"What’s so hard about waiting? For me, it’s finding purpose and contentment where I am at every moment, even when I have a better time and place in mind."
A friend shared this on Facebook and she got it from the blog of a father who has been telling about his little son's heart problem. I could relate to the quote as I've struggled with the same feelings of finding purpose and contentment. Of seemingly sitting here desiring something more to do when my mind dreams of bigger things. Last year was especially rough after I came home from Syria.
Then I read books such as the one I'm currently reading on women's resistance movements in Afghanistan and I see how most of these women have lost numerous family members, have often only known war, have been terrorized by both foreigners and their own people, have been told they are inferior to men and thus deprived schooling (as of this book's writing only 7% of Afghani women were literate).
And I remember how blessed I am.
Just this morning I read an account of a lady who attended a literacy class and how excited she was to see a map of the world. Many had no idea about the history of their own country and had never seen how their land fit into the world. I read of one woman's humiliation -- in order to know what something said, she had to ask a literate family member or friend. Many of them want to read and learn and improve themselves despite being told good women stay home and work and have no need of schooling. It is exciting to them when they realize there is more than one opinion, they can read the lot of them and even formulate their own!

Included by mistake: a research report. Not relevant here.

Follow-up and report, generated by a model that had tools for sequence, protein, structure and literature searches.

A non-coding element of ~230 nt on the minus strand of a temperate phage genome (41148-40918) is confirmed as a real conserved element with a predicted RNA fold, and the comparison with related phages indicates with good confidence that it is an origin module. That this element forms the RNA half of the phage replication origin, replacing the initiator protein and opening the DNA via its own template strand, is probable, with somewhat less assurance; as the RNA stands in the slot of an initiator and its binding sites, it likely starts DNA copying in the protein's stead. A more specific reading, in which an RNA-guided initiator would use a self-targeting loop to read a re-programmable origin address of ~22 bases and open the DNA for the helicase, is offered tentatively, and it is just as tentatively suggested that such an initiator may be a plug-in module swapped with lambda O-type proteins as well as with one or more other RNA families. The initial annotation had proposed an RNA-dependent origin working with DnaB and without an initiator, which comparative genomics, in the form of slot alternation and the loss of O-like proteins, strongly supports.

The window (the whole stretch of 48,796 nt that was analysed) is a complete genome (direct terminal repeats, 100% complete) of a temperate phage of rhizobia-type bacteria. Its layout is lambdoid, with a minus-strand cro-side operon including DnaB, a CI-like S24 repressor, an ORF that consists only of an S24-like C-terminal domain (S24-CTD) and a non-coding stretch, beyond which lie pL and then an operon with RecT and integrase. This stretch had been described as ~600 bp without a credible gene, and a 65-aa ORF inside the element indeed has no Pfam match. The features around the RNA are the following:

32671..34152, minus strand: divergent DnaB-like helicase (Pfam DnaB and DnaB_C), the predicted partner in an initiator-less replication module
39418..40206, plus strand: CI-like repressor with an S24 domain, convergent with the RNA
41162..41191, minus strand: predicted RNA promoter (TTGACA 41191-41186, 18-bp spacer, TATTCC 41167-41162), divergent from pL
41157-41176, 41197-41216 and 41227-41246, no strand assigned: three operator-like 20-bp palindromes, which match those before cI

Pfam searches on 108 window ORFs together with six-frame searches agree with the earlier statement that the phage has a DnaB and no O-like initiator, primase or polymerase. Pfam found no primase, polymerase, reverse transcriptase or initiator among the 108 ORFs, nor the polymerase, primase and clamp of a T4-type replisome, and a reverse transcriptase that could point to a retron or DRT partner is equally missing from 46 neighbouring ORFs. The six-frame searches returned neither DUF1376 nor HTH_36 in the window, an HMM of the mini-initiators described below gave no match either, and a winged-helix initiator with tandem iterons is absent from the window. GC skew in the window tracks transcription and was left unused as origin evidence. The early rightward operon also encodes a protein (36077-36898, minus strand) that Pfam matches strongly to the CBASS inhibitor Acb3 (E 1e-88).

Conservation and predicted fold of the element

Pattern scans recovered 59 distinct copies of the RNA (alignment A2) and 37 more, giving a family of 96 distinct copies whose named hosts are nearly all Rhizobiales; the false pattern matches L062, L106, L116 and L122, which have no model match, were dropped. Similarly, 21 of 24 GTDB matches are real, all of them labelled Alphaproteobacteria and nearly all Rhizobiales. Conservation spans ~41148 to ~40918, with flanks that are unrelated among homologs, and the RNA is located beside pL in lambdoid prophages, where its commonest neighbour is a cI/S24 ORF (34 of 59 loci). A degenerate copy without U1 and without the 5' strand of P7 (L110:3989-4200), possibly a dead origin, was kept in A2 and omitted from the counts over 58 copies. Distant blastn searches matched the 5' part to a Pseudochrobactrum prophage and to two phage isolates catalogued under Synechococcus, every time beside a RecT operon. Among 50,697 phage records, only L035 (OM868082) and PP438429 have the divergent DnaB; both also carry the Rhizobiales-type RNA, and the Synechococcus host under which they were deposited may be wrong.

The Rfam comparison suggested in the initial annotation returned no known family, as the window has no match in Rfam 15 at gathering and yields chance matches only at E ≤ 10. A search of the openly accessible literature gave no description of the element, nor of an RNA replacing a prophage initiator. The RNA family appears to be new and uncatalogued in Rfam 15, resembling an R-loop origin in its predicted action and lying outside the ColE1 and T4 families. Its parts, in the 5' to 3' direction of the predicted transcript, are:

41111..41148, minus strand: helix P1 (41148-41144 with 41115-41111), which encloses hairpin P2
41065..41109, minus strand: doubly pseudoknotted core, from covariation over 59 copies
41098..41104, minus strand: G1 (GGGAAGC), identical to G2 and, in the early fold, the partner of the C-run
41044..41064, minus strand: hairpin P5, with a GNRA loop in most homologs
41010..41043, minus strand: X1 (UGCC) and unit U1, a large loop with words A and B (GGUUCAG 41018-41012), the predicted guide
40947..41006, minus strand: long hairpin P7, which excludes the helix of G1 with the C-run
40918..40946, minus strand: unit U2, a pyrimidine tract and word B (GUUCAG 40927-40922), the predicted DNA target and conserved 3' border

I'm reading Veiled Courage: Inside the Afghan Women's Resistance by Cheryl Benard. It's about ten years old so I'm left wondering now if and how things have changed. A couple parts have made my eyes teary and one part made me wince:
Our American sisters, my request is that some of you come and visit and see our lives from close range. In these days after the bombing from America, lots of people have become refugees in Quetta. I feel sorry for them. I can't do anything for them. They are in a camp in the desert and nobody is helping them. Nobody really likes us or worries about us; everyone just throws their rocks at us. We haven't yet forgotten the Russian bombardment, and the bombardment by the fundamentalists and the bombardment by the Talibs, and now it's America's turn. (pg.147)